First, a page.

Published in Cataract

7 Steps to Toric IOL Success

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Consider these seven steps for ophthalmologists managing refractive cataract surgery patients to successfully implant toric intraocular lenses (IOLs).

7 Steps to Toric IOL Success
Effective management of astigmatism is essential to satisfy refractive cataract surgery patients. These seven steps will improve results when implanting a toric monofocal or a toric presbyopia-correcting intraocular lens (IOL).

1. Educate the patient.

Astigmatism doesn’t need to be tricky to explain to patients. Consider using digital patient education programs such as Rendia or TouchMD to educate patients about astigmatism and how it affects their vision.
Using corneal illustrations to show the difference between a basketball or spherical shape vs. a football or toric shape usually makes sense to patients. It is important that they understand that ignoring astigmatism will make vision after surgery out of focus.
Make a clear recommendation and set expectations for what each choice you are offering the patient entails. I find it most effective to offer an outcomes-based package rather than ask the patient to choose a specific technology.
For example, my astigmatism management package is described as “Distance or driving vision without glasses” and includes whatever it takes for me to achieve that goal, including pre-operative testing and planning, use of the femtosecond laser or intra-operative aberrometry, a toric IOL, and/or arcuate incisions.

2. Optimize the ocular surface.

Ocular surface disease (OSD) can alter keratometry values and lead to an incorrect toric IOL power or axis, so it is very important to evaluate the corneal surface and tear film.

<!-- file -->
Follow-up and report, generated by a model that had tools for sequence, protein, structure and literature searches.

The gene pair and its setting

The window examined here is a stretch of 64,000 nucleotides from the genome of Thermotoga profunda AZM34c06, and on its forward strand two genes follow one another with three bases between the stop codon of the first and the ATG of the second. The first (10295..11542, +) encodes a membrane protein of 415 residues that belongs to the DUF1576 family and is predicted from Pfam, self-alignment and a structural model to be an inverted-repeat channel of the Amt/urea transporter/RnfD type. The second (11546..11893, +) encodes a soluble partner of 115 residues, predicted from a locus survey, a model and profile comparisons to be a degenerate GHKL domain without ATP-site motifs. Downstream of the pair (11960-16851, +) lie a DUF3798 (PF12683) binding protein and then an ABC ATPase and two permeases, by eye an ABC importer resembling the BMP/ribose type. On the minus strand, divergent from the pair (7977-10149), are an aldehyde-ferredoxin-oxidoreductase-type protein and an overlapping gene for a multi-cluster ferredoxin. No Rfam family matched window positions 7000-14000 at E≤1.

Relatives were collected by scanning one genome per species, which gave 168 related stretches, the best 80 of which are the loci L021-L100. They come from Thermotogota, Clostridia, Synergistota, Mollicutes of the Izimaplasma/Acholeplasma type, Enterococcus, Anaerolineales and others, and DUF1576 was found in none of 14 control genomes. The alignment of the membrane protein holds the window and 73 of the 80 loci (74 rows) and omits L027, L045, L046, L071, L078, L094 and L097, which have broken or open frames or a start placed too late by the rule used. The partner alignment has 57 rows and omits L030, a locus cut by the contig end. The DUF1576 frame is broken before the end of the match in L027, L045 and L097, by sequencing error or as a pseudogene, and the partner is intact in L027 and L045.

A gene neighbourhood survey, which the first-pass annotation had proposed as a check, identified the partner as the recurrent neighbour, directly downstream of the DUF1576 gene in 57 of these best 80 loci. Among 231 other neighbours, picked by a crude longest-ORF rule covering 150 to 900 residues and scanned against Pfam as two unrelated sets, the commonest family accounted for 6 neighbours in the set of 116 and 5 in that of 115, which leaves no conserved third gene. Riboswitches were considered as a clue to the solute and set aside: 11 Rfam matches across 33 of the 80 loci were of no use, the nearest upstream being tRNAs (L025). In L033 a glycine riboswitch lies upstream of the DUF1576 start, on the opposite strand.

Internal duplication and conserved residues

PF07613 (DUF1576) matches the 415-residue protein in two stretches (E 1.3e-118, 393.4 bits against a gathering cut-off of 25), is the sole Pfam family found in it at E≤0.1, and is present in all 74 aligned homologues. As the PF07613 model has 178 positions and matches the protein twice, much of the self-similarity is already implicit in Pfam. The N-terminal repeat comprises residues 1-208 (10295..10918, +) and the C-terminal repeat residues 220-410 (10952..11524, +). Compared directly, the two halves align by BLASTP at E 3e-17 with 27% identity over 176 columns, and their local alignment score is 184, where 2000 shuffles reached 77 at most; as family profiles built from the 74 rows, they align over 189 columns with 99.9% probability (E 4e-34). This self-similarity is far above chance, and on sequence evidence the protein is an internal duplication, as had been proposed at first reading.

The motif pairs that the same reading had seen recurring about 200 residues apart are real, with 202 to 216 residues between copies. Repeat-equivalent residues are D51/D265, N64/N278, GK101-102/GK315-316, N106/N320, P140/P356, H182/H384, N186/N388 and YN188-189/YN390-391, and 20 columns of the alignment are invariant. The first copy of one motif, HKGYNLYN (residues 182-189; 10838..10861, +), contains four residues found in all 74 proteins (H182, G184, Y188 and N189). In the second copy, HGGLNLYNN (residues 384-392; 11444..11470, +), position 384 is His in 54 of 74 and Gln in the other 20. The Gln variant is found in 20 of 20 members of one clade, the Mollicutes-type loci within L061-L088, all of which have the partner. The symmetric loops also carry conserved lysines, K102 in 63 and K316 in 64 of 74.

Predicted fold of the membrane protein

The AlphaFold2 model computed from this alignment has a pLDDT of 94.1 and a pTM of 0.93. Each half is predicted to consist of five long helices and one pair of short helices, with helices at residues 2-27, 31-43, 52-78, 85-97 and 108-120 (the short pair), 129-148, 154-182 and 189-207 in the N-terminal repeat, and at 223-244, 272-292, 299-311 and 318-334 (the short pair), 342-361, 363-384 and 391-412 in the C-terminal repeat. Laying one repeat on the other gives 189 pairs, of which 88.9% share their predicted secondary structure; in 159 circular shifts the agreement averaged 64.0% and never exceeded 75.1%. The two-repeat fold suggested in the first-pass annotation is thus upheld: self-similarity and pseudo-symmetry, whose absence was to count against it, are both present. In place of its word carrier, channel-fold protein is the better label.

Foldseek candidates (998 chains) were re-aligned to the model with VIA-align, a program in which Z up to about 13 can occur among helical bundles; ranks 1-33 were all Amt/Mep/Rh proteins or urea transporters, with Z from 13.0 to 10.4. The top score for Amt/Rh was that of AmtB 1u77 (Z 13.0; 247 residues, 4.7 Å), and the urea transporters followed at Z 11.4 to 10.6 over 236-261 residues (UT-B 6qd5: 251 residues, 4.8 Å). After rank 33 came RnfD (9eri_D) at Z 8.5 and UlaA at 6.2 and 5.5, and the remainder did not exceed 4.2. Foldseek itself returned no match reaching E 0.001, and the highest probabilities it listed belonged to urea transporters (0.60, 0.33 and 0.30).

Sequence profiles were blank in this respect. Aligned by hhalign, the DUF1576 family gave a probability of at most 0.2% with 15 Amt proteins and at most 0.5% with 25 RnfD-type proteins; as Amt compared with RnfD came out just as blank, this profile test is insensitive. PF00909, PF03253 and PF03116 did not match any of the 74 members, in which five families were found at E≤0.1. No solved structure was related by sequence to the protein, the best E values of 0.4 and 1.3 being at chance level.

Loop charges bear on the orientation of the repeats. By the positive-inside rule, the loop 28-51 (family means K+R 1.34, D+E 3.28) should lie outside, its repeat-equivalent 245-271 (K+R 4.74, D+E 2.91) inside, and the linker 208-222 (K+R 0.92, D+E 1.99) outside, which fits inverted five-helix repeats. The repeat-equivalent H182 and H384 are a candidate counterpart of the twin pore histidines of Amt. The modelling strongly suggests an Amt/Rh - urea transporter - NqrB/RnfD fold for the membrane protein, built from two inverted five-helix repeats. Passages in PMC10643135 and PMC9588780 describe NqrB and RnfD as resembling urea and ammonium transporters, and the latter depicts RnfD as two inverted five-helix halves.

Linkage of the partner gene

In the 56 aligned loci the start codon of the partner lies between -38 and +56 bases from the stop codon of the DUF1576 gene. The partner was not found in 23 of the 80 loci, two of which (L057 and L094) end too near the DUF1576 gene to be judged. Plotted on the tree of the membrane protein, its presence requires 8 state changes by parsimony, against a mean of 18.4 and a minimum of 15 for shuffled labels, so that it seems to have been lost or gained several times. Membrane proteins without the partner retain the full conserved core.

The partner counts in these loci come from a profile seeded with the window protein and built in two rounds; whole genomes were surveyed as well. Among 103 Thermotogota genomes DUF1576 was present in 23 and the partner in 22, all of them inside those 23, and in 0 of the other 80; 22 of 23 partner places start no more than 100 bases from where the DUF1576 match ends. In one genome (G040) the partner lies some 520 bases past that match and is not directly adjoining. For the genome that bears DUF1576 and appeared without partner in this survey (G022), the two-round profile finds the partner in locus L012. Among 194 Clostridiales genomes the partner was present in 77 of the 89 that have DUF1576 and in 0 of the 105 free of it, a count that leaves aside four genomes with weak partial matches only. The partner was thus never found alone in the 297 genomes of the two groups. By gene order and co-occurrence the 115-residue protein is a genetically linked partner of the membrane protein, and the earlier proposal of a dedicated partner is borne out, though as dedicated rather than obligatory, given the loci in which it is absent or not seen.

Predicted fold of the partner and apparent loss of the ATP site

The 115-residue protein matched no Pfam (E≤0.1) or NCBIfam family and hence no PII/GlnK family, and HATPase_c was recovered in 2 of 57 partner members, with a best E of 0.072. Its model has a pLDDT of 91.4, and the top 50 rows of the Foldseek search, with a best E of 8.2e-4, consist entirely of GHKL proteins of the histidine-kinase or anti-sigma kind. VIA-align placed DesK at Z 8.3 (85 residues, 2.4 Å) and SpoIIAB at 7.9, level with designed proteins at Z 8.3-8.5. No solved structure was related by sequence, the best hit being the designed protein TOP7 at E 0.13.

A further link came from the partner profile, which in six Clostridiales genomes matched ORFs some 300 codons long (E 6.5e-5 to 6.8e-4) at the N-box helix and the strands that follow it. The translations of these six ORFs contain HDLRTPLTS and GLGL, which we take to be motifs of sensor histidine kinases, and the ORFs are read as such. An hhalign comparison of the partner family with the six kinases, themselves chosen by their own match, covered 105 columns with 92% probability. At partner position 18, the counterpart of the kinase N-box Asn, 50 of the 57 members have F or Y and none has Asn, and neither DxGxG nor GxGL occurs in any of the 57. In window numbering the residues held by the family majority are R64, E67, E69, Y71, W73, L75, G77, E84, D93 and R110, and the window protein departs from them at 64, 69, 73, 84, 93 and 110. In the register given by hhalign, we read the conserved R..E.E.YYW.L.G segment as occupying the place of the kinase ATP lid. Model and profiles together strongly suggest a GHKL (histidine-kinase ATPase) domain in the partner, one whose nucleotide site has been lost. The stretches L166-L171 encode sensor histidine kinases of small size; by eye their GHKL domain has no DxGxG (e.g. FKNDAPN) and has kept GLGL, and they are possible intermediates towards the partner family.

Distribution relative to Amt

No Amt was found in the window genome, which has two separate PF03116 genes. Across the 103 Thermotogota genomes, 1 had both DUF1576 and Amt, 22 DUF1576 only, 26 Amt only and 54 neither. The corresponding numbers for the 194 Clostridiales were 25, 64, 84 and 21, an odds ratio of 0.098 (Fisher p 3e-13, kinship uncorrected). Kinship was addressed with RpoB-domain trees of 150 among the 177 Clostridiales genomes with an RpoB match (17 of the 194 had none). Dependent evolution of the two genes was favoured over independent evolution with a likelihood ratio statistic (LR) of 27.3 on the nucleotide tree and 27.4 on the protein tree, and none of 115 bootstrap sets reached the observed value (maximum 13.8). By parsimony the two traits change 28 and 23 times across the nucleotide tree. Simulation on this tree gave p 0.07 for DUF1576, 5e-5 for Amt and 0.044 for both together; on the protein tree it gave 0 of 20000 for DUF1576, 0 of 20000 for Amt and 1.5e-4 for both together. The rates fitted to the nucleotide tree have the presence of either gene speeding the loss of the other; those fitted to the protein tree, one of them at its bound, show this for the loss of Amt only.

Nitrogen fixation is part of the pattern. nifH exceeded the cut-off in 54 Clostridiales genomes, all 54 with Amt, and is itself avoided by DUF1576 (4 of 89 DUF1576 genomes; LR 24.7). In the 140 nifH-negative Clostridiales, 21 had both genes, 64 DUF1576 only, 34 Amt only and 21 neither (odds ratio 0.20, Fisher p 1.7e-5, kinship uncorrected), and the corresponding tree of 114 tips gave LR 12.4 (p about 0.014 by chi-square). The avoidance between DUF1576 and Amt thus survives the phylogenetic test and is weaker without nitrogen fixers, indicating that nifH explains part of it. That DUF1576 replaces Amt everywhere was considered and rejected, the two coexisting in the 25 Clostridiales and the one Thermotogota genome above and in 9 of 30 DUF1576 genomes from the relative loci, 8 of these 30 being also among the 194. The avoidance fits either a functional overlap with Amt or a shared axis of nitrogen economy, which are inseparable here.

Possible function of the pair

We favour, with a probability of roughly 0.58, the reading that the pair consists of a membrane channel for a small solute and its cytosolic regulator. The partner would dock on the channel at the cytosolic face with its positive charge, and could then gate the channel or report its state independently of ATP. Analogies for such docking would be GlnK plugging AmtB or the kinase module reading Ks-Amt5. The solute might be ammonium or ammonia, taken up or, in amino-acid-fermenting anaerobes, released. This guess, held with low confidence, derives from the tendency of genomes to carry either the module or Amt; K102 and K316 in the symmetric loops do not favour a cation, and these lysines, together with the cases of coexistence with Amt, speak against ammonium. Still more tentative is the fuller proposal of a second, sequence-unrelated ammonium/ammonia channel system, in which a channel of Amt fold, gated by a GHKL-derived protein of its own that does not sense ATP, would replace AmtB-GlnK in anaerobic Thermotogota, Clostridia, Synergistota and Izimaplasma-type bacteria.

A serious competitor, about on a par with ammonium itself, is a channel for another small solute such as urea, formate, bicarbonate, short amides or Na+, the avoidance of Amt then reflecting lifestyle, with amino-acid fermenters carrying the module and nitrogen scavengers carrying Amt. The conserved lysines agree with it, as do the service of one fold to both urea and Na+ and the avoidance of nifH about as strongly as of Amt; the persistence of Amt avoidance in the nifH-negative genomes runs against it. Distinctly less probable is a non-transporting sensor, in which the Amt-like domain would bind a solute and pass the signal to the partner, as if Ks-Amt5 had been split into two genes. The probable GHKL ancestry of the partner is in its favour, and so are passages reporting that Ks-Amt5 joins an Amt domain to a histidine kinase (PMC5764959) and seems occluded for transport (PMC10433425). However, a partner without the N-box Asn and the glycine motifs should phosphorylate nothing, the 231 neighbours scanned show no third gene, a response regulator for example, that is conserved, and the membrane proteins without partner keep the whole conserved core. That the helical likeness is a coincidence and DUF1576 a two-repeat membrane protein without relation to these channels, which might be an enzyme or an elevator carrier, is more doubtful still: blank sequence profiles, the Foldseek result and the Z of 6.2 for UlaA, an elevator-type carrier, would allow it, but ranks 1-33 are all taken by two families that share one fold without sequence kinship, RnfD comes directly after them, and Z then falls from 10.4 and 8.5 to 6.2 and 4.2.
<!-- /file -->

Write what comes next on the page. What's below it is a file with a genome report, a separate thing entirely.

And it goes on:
If needed, treat with a topical steroid, topical immunomodulator (i.e., lifitegrast, cyclosporine), and/or artificial tears, plus treatment of meibomian gland dysfunction if present, and re-evaluate after 1 month, before obtaining pre-operative measurements.
Personally, I like the new topography-based tear breakup testing available with iTrace Prime (Tracey Technologies). In just 10 seconds, the device provides a tear film quality score that I use to determine if I need to treat OSD prior to biometry measurement.

3. Obtain multiple measurements.

It is simply not sufficient to rely on a single reading for the calculation of refractive IOLs. At a minimum, surgeons should consult two independent measurements of astigmatism pre-operatively, such as a topographer and biometer.
I use the IOLMaster 700 (Carl Zeiss Meditec), iTrace, and Aladdin (Topcon Healthcare). For toric IOLs and a precise total corneal astigmatism (TCA) value, the Cassini Ambient (Cassini Technologies) is awesome.
Consistency in measurements is key, so if you have two or three measurements but the Ks are inconsistent, you need to repeat the measurements or determine why they don’t match, as seen in the image below.
The iTrace topography (left), in Figure 1, accurately shows more than 3 diopters (D) of anterior corneal astigmatism, whereas the Cassini TCA, which includes measured posterior power, shows more than a diopter less, significantly changing the power of the toric IOL chosen for surgery.
Figure 1 features two pre-operative measurements of corneal topography from the iTrace and Cassini TCA devices.
Topography Toric IOL
Figure 1: Courtesy of Jared R. Younger, MD, MPH.

4. Remember the back.

Know whether your measurements incorporate posterior corneal astigmatism or if you need to make adjustments to do so. Older IOLMaster devices, along with most biometers and topographers, don’t provide any information about the posterior cornea so if you are using those, you need to check the box on your online calculator to incorporate estimated posterior astigmatism.